Submitted by Charles Hugh-Smith of OfTwoMinds blog,
If things fail from the periphery to the core, perhaps dominoes fall that way, too.
So what is that group is doing in other eurozone nations? We are not going to monitor every nation, rather, only the ones where Smart Money could conceivably make a decent profit by being there. This is quantified by the interest rate differential.
In the charts below, the black line represents the percentage of total deposits in that country that come from Smart Money. The lower the percentage, the lower the damage to Smart Money from any default. And one thing we've learned since 2008 is, core nation politicians will not hesitate to throw any peripheral nation under the bus in order to avoid any losses to Smart Money. The red line is the interest rate spread - the higher the number is above 0, the more profitable it is for Smart Money to remain. So if its profitable, and Smart Money is for some reason fleeing, you might want to pay attention! Regardless, if Smart Money is mostly gone, that means the people in charge of the Eurosystem can pull the plug on the country's banking system at any time without fear of loss to their own banking system.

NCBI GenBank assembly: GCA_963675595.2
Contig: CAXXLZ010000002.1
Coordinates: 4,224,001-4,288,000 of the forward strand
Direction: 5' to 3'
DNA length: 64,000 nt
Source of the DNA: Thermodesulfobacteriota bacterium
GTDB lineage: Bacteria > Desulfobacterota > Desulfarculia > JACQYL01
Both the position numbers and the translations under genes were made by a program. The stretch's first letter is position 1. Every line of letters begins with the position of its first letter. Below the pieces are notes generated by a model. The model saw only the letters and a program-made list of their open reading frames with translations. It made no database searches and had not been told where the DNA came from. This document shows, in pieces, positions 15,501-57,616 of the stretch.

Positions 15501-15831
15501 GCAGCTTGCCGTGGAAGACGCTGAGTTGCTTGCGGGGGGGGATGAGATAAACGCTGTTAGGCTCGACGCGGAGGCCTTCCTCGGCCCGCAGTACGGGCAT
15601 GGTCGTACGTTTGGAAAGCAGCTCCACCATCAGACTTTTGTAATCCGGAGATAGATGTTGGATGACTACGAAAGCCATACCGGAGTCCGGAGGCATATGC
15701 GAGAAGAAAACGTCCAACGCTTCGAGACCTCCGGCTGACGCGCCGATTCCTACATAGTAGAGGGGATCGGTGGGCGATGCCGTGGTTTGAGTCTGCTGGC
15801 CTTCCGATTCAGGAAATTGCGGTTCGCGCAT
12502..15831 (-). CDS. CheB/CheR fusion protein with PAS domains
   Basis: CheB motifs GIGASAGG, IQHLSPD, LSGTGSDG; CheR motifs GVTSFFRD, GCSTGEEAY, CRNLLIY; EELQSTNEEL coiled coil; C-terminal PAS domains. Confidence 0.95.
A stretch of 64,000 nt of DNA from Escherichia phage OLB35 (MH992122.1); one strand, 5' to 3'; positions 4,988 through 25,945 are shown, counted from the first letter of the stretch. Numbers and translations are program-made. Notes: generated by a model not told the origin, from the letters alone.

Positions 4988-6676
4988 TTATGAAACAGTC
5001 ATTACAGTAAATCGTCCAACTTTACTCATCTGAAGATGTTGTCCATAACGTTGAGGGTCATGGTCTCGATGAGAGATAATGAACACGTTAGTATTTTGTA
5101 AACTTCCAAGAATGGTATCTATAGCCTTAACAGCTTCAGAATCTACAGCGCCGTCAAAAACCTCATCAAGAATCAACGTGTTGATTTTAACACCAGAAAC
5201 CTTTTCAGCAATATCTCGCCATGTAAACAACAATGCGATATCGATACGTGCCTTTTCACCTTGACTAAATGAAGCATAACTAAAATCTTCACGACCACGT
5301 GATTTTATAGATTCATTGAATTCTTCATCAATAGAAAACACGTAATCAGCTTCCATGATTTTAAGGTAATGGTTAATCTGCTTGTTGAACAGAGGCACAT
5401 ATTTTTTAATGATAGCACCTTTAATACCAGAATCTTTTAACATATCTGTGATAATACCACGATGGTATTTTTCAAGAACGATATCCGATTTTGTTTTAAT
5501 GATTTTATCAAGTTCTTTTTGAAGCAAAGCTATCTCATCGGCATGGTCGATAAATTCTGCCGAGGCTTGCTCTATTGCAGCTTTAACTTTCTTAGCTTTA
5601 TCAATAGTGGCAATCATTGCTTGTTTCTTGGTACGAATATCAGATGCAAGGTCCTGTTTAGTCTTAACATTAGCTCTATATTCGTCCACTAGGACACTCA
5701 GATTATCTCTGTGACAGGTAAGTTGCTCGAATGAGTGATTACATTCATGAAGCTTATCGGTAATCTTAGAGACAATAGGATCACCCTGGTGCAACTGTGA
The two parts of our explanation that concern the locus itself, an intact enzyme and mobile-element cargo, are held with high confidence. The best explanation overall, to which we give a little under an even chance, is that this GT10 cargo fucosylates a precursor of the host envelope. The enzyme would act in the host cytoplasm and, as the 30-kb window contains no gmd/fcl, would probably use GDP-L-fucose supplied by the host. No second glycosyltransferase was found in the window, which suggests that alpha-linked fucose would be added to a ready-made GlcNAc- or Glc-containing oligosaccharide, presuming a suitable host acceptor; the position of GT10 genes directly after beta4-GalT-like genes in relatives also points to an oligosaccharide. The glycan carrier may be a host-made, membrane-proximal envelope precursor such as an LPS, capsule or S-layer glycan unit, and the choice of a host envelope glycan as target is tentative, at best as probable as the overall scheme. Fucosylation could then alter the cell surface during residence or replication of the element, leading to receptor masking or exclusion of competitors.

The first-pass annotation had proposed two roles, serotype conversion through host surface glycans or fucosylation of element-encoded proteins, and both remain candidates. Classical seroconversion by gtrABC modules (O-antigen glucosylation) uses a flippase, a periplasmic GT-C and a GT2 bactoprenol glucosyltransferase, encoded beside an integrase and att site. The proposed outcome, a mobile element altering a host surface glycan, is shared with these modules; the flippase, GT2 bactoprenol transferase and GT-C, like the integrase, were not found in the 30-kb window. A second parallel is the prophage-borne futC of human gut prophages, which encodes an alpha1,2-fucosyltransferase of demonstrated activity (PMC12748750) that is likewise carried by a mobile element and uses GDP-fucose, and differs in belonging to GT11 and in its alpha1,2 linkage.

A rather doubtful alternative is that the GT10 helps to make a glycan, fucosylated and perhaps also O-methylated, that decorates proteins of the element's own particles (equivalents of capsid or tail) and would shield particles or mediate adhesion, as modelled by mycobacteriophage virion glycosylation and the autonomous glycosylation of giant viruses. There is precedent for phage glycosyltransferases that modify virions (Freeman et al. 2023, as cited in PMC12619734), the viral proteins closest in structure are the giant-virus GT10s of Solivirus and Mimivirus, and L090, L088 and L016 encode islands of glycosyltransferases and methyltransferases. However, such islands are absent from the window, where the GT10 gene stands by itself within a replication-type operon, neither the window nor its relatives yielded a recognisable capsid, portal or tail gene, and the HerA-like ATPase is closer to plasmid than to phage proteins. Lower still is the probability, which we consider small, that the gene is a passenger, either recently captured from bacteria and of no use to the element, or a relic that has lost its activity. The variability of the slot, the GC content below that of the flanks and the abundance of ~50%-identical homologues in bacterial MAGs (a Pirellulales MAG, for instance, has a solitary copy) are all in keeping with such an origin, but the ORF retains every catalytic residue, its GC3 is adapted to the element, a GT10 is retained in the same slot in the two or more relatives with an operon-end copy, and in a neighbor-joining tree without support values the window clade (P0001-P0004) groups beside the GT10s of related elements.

First is Cyprus, to provide an example of what a deposit situation looks like when the core system political class feels comfortable torpedoing a periphery banking system.
Thank you, David, for the commentary and charts. As David observed in our email exchange, "Things fail from the periphery to the core." With this in mind, we might arrange the dominoes in this order: Slovenia, Portugal, Malta, and then Spain.